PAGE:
Once that's done, we can get on with the installation. First, you have to install the dependencies:
sudo apt-get build-dep dillo

This installs all the dependencies needed to compile Dillo. Next, you need to tell apt-get to download and compile the source code:
sudo apt-get -b source dillo

Once it's downloaded and compiled the code, you'll be left with a .deb package in your /home directory, which you can install in the usual way. If you later need to remove it, you can use apt-get remove as normal.
There, that wasn't hard, was it? Ubuntu has several options available if you want to compile an application from source, and this is the easiest. I have to admit I don't use this much, but it can be worthwhile.

Sunday, 18 May 2008

Installing the Kubuntu KDE4 desktop

If you like the look of the KDE4 version of Kubuntu, it's easy to add it to your existing Ubuntu, Kubuntu or Xubuntu session. Just enter the following in the terminal:
sudo apt-get install kubuntu-kde4-desktop

Now log out and use Change Session to switch to KDE4. Then log back in to your new KDE4 desktop!

Saturday, 10 May 2008

Closing applications that have hung

As you may know, if anything hangs in Windows, you can open the Task Manager and use that to close the misbehaving program. You may be missing similar functionality in Linux. Well, it's there, so here's how to use it!

First of all, let's cover command line applications. Say, for instance, that you try and install something using apt-get install, but your Internet connection is playing up, so you decide to stop it and try again later. How do you cancel what you're doing? Simple - just make sure your shell session is selected, press Ctrl and C, and it will stop dead.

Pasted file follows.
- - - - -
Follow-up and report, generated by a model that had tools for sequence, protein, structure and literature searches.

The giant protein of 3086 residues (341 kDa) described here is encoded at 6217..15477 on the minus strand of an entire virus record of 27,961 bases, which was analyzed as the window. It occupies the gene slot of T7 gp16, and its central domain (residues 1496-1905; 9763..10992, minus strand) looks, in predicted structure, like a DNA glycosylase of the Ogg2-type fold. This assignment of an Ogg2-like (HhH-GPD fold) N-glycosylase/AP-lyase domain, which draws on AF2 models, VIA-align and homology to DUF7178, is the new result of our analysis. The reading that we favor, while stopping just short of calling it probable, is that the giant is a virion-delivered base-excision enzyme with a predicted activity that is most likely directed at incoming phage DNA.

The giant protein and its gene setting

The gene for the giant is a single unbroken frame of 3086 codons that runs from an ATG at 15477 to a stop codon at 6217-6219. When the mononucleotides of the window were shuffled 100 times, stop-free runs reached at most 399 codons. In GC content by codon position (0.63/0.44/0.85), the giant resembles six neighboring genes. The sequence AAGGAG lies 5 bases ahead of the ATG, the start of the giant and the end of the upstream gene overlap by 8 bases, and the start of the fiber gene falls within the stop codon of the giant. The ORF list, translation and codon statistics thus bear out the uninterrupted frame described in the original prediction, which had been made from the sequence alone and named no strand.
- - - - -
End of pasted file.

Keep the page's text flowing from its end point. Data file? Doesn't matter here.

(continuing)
This is very useful, but most people still use graphical applications for most things. How do you stop these? Again, there's an easy way to do it. Just open the command line and type the following:

Now, the cursor will change to an X. Just click on whatever you want to stop and it will be shut down.

Monday, 5 May 2008

Customising your Ubuntu desktop

While Linux doesn't have a reputation for eye candy, you can nonetheless get a great desktop with a little bit of work. Compiz will normally be working by default, so with a little effort you can use this to really make your desktop into something special!

If you want to get more out of Compiz, then you need to install the package compizconfig-settings-manager. This gives you an easy-to-use menu which allows you to set your preferences for Compiz, so you can get the famous cube effect going.

For a more attractive desktop, you can install Emerald. This is a theme manager for Compiz, allowing you to use loads of great themes to make it look even nicer.

And finally, if you want an OS X-style dock bar, install the avant-window-navigator and awn-manager packages from the Hardy repositories. With these, you can set up a dock bar and customise it to your heart's content!

It's staggering to see how great some people have made their Ubuntu desktops! If you need more resources, check out Gnome-Look.

Xubuntu will also happily run Compiz, Emerald and Avant Window Navigator, however Kubuntu is a bit less well served. It's possible to get things like Compiz and Emerald working, but it's a bit more of a struggle. But KDE4 has eye candy aplenty, so if you're using that you're OK!

Friday, 2 May 2008

Graphics cards

Graphics cards can be troublesome in Linux. Integrated graphics cards such as those made by Intel are usually OK nowadays, but the kind of cards seen on more high-end machines can be more troublesome.
Fortunately, there's a great tool to help with ATI and Nvidia cards, called Envy. This is a set of scripts designed to detect your graphics card, install the correct driver for you and configure the X window server for you. So, if you have any problems with a graphics card from either of those two manufacturers, Envy should be your first port of call (if not, the Ubuntu Forums are your best bet). For those of you running Linux Mint, Envy is preinstalled.
There may still be cards that people can't get working, but Envy goes a long way in making it easier to get your card working right.